In response to the traditional emphasis on the rights, interests, and well-being of individual research subjects, there has been growing attention focused on the importance of involving communities in research development and approval.
This paper addresses the persistence of violence against female commercial sex workers in the United States, drawing on the experiences of the Best Practices Policy Project in conducting outreach, research, and relationship building with diverse commercial sex worker stakeholders.
This report summarises the AIDS challenge in Asian and Pacific countries. Using the best available evidence, it discusses the reasons why critical services currently reach only a fraction of those in need. It also outlines the action needed that will allow the region to seize this key moment of opportunity.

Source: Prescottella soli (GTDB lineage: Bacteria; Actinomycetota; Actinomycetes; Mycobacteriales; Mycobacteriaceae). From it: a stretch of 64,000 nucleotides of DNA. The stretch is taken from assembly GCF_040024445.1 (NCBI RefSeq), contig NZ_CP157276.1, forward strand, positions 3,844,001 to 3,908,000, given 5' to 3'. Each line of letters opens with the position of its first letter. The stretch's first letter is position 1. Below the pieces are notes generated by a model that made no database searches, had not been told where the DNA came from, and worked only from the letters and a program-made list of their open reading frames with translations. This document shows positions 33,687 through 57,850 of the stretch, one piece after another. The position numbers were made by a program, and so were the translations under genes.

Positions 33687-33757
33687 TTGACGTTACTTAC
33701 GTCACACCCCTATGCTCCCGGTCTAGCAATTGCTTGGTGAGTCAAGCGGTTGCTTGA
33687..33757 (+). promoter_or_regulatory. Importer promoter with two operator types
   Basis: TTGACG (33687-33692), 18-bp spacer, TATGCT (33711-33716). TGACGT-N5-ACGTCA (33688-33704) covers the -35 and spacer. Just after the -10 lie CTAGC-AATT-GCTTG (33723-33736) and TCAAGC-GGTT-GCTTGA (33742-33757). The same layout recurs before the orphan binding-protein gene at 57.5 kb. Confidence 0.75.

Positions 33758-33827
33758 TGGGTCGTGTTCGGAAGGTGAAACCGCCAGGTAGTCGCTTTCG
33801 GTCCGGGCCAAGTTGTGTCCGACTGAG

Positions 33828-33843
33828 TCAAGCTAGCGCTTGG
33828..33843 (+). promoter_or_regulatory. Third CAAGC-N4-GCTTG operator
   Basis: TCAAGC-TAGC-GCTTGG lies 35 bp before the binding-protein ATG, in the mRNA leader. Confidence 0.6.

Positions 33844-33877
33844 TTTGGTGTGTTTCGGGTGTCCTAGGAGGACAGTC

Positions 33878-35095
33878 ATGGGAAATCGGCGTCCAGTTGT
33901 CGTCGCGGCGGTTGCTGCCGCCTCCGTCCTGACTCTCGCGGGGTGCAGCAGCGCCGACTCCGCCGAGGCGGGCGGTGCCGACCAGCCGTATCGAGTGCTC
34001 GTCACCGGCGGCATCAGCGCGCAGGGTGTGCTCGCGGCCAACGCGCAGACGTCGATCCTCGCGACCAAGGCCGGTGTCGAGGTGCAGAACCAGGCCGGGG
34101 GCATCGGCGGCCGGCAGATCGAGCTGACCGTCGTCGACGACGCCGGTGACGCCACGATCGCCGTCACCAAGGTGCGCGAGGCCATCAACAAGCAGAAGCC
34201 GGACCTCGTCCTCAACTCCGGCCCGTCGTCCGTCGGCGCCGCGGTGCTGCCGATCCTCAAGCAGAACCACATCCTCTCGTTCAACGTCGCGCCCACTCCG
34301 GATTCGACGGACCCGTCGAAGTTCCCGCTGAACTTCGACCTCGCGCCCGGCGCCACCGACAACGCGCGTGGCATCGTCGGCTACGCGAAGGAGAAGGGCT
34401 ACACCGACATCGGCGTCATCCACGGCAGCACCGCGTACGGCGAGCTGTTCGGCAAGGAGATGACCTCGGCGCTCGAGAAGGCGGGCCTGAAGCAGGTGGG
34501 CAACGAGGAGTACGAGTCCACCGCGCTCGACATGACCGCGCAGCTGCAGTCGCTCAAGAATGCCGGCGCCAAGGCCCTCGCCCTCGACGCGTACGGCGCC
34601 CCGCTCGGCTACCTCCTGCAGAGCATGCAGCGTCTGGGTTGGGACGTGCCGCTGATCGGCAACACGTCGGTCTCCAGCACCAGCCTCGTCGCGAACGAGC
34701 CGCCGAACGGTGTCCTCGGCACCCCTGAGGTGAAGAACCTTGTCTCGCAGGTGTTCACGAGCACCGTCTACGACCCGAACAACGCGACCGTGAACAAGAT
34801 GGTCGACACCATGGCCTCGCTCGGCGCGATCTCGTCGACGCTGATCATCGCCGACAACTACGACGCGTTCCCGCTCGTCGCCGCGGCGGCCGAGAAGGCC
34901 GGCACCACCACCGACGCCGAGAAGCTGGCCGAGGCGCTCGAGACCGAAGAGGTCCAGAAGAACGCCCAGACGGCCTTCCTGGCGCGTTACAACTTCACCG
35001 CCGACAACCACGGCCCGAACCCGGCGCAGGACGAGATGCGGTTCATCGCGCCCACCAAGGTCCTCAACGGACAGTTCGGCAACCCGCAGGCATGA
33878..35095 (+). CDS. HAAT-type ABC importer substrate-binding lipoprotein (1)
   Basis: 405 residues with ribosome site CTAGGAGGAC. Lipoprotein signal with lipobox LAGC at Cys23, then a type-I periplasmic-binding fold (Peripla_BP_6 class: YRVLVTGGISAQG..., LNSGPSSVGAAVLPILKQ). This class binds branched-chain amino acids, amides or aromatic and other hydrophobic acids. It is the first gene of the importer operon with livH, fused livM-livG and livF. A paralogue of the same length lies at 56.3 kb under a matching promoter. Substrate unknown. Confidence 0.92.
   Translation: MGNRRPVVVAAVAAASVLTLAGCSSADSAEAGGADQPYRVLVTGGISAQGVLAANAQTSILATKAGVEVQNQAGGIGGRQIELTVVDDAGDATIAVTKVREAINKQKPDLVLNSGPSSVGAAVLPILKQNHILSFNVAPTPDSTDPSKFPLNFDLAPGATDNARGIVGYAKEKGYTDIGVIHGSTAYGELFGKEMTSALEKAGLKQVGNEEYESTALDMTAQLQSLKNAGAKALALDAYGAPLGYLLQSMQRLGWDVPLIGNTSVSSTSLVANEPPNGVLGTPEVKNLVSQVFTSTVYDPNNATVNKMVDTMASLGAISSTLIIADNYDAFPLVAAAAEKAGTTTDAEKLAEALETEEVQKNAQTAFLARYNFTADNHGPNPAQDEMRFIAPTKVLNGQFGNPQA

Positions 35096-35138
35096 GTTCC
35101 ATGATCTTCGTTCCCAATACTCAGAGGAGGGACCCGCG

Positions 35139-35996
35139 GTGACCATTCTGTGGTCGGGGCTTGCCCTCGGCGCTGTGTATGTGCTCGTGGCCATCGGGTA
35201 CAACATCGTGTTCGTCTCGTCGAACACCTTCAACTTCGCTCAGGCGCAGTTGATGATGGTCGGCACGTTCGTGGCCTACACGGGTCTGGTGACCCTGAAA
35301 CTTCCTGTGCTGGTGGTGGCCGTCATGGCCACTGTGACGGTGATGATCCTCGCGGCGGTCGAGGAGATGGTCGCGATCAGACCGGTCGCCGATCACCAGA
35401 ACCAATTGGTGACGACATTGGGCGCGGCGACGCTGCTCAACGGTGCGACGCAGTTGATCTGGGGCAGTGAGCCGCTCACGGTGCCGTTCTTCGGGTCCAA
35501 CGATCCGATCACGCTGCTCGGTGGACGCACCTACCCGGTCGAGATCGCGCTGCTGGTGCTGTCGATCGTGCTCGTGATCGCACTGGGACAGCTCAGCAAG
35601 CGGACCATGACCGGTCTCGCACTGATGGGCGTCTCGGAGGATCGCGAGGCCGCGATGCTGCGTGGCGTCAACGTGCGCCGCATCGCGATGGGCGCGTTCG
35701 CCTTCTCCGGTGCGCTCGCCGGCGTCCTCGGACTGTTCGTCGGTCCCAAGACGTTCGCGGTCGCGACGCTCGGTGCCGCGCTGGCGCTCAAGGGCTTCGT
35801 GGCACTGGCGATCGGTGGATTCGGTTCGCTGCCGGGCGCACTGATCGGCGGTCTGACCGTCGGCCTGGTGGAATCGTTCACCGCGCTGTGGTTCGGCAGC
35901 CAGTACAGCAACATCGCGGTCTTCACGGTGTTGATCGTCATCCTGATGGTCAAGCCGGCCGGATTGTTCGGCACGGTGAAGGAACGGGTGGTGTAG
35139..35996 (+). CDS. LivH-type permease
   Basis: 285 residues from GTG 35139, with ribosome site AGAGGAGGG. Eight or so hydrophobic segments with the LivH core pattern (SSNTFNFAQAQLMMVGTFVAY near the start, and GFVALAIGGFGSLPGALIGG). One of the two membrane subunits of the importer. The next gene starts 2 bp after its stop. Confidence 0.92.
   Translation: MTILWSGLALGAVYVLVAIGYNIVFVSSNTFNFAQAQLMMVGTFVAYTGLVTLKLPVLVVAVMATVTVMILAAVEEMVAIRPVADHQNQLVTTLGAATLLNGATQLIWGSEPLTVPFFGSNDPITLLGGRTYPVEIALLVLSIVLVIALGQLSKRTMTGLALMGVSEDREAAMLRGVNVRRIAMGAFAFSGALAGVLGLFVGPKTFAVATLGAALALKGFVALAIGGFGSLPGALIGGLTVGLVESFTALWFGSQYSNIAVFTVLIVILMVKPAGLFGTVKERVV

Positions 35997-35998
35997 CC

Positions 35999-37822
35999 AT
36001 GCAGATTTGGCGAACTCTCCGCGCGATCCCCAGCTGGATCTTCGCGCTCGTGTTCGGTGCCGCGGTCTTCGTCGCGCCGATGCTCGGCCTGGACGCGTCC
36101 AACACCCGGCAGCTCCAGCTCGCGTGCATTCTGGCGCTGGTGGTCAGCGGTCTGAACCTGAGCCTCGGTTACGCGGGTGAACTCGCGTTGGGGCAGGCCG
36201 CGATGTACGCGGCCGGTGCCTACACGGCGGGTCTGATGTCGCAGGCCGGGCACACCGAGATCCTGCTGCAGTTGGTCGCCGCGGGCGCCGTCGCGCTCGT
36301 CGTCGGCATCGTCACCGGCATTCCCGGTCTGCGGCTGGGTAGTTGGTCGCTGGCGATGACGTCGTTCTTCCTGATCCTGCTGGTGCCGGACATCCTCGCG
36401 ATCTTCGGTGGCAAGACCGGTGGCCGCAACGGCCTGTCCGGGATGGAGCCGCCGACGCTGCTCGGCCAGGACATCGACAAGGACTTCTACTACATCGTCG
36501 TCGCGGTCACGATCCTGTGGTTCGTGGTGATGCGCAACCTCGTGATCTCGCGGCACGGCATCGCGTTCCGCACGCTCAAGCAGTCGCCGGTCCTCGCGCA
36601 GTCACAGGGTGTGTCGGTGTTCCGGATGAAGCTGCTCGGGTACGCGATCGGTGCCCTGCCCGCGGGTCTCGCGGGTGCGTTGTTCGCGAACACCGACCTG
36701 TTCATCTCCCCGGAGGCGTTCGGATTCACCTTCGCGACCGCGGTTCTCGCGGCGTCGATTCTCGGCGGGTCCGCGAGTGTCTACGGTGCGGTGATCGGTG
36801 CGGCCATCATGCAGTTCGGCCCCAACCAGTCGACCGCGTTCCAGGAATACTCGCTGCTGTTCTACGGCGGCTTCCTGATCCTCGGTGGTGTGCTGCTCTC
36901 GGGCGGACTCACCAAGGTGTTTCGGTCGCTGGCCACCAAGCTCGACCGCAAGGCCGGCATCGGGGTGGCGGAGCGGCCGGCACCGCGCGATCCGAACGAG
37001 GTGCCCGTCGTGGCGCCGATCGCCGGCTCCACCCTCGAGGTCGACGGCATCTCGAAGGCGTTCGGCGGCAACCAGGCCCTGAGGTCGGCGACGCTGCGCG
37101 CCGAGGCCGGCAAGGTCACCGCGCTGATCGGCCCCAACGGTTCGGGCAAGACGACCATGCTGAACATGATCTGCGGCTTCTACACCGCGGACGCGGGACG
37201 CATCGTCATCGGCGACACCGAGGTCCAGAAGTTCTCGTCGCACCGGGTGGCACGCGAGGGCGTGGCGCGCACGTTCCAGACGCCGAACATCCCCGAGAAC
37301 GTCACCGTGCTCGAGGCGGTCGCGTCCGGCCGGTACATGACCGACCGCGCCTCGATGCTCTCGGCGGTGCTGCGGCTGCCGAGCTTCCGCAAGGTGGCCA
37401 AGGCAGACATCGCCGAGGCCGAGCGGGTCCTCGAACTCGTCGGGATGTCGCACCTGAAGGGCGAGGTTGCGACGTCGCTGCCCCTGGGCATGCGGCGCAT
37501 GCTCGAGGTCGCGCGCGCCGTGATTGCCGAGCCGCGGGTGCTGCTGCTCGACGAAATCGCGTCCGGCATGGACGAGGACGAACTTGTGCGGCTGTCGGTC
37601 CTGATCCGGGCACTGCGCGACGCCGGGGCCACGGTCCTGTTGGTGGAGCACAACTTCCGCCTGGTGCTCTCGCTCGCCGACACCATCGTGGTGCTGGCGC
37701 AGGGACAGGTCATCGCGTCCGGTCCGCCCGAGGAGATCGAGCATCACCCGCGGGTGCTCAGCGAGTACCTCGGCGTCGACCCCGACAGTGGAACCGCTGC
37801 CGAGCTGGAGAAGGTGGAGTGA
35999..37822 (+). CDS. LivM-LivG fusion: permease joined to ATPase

Finally, the report makes recommendations for urgent implementation of strategies known to work, by global, regional and national political leaders, by international donors, the UN system, civil society and other key stakeholders in Asia and the Pacific.
The objective of this article is to describe the use of lemon/lime juice for douching by female sex workers and family planning clients in Jos, Nigeria. Over half the women believed that it protected them from pregnancy and/or sexually transmitted infections; they did not know their HIV status. Eighty-six percent would recommend it to others, and 71% would be willing to take part in a study to evaluate its safety and efficacy. Conclusion: Lemon and lime juice are widely used for douches among women at high risk of HIV transmission.